Aesthetician Susan Melching built her career by offering permanent makeup—micro-tattoos designed to alter the look of eyebrows, lips, scars, and even areolas after nipple reconstruction—at her Boulder skincare clinic since 1989. Many clients came in looking to improve the shoddy work they’d had done previously, but there was only so much Melching could do to cover up the mistakes.
Now, Melching has partnered with her sister Nina Smith, a certified laser technician, to expand their focus. At Youbaby Skin Spa in Lafayette, not only do the sisters offer permanent makeup and skin treatments, but they’ve also added tattoo-removal services. “My whole focus in my practice has been to help people feel better about themselves by correcting a problem that has been bothering them physically, and in doing so, that really helps them emotionally as well,” Melching says. “This is just another progression of the types of services that we offer.”
Inked Magazine named Denver the top tattooed city in America last year. And for good reason: More than 100 tattoo shops call the metro area home. Of course, with more tattoos comes the need for more tattoo removals. (Pro tip: Dolphin ink is rarely a good idea.)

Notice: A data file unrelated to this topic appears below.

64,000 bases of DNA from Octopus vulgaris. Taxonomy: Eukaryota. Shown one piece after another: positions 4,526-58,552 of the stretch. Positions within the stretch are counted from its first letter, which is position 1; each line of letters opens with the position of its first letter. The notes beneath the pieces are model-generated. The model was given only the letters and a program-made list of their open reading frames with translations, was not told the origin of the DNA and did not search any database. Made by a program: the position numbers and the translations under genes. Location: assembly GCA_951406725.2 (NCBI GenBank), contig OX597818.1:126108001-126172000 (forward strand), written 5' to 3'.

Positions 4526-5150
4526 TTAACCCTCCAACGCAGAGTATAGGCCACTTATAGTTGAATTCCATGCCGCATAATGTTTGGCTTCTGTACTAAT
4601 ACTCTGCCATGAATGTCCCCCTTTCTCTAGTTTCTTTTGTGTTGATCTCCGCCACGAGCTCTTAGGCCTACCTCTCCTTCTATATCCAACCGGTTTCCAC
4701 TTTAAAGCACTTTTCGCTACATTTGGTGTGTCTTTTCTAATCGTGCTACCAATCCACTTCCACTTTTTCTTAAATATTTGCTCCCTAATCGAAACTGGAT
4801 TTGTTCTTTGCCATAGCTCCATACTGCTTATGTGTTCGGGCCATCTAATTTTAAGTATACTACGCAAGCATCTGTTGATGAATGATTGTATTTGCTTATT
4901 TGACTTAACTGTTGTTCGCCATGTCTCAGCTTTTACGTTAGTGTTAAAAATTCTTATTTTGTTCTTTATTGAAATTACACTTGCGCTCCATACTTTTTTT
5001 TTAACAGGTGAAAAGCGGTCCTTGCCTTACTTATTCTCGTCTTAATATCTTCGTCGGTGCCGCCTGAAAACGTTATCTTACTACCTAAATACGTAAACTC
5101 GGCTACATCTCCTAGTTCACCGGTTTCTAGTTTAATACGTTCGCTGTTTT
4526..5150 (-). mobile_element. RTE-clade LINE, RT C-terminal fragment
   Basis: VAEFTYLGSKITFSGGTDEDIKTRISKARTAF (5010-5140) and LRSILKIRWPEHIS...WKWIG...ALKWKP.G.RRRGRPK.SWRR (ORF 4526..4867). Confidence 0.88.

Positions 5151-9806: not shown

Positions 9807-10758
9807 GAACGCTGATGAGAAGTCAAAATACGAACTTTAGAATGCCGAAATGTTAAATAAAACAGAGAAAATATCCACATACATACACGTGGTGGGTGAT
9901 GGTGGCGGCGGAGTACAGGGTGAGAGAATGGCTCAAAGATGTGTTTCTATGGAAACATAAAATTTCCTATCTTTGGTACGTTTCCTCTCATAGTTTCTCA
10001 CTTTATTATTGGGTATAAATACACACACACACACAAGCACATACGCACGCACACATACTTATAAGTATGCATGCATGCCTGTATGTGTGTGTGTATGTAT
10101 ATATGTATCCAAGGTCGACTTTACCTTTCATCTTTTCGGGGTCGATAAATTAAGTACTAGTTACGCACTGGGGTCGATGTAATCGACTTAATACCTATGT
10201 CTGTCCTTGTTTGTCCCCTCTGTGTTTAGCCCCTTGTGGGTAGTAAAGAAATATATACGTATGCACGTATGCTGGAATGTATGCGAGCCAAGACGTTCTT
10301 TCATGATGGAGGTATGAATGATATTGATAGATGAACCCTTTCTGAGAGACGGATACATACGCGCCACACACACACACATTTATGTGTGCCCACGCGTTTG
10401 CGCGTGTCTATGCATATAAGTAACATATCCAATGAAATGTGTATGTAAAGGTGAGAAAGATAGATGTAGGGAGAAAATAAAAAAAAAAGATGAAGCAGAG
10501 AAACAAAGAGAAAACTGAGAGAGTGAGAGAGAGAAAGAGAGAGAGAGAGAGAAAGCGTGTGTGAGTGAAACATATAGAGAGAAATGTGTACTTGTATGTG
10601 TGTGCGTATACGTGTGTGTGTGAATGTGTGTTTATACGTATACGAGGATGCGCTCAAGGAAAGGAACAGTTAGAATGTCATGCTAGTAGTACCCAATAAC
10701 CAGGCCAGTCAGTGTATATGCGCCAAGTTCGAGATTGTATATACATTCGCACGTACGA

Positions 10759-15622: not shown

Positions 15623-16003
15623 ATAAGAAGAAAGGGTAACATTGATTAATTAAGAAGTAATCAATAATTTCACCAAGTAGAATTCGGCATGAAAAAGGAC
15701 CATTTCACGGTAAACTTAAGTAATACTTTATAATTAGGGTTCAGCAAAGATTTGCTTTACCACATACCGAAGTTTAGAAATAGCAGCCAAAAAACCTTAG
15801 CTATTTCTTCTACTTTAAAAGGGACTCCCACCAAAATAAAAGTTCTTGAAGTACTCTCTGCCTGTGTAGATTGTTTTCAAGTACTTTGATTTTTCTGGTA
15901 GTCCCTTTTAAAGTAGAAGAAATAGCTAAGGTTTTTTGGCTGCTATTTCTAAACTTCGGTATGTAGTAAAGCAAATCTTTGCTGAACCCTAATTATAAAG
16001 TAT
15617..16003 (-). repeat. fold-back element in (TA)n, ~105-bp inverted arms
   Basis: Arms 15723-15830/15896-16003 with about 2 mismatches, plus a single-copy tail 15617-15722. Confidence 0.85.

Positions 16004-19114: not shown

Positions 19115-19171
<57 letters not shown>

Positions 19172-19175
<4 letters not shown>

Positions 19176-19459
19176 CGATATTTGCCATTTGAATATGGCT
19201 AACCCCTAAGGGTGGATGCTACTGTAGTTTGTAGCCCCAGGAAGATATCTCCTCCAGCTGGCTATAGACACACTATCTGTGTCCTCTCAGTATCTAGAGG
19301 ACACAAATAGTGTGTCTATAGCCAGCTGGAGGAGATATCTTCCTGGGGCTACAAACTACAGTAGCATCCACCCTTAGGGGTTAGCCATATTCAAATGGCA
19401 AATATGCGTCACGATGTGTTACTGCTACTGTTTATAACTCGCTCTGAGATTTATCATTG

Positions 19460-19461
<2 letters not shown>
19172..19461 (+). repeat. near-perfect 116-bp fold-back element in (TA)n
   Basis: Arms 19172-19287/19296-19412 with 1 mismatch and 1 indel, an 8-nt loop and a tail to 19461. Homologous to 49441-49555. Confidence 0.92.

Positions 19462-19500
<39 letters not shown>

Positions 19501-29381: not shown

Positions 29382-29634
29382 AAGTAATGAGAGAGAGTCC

Melching and Smith chose their Lafayette location after doing some research and discovering that 67 percent of those who get tattoos removed are women in their 30s with kids—many of whom live in nearby suburbs like Louisville, Longmont, and Erie. That demographic is also more likely to be able to afford the starting price of $1,500 (although interest-free payment plans are available).
The high cost stems from the complexity of the procedure, known as Pico Genesis. Smith likens tattoo ink to boulders, which a laser gradually breaks up into rocks and then little pebbles, using different frequencies and wavelengths. This allows the lymphatic system to slowly absorb and expel the ink particles. Previous techniques couldn’t erase all colors, and it took 10 to 20 treatments over a period of several years—with side effects such as scarring and burning—to get rid of what could be removed. Pico Genesis, in contrast, takes four to six sessions and leaves no traces of the tattoo by the end of the process. (It is slightly painful, but ice numbs the sensation fairly quickly.) Melching says these less invasive lasers are the wave of the future, but right now, Youbaby has just the fifth Pico Genesis machine in Colorado.
The two sisters look forward to working with people who have been abusively tattooed and those with ink related to former gang activity, as well as anyone seeking to shed painful memories. For instance, they recently met a man who had the footprints of his newborn twin daughters tattooed on his chest, along with their names and birthdates. The babies had died at birth. Almost a decade has passed since then, and now he wants to move on. “It’s like they’re this barrier to his life,” Melching says. “Gosh, how can you not want to help somebody like that?”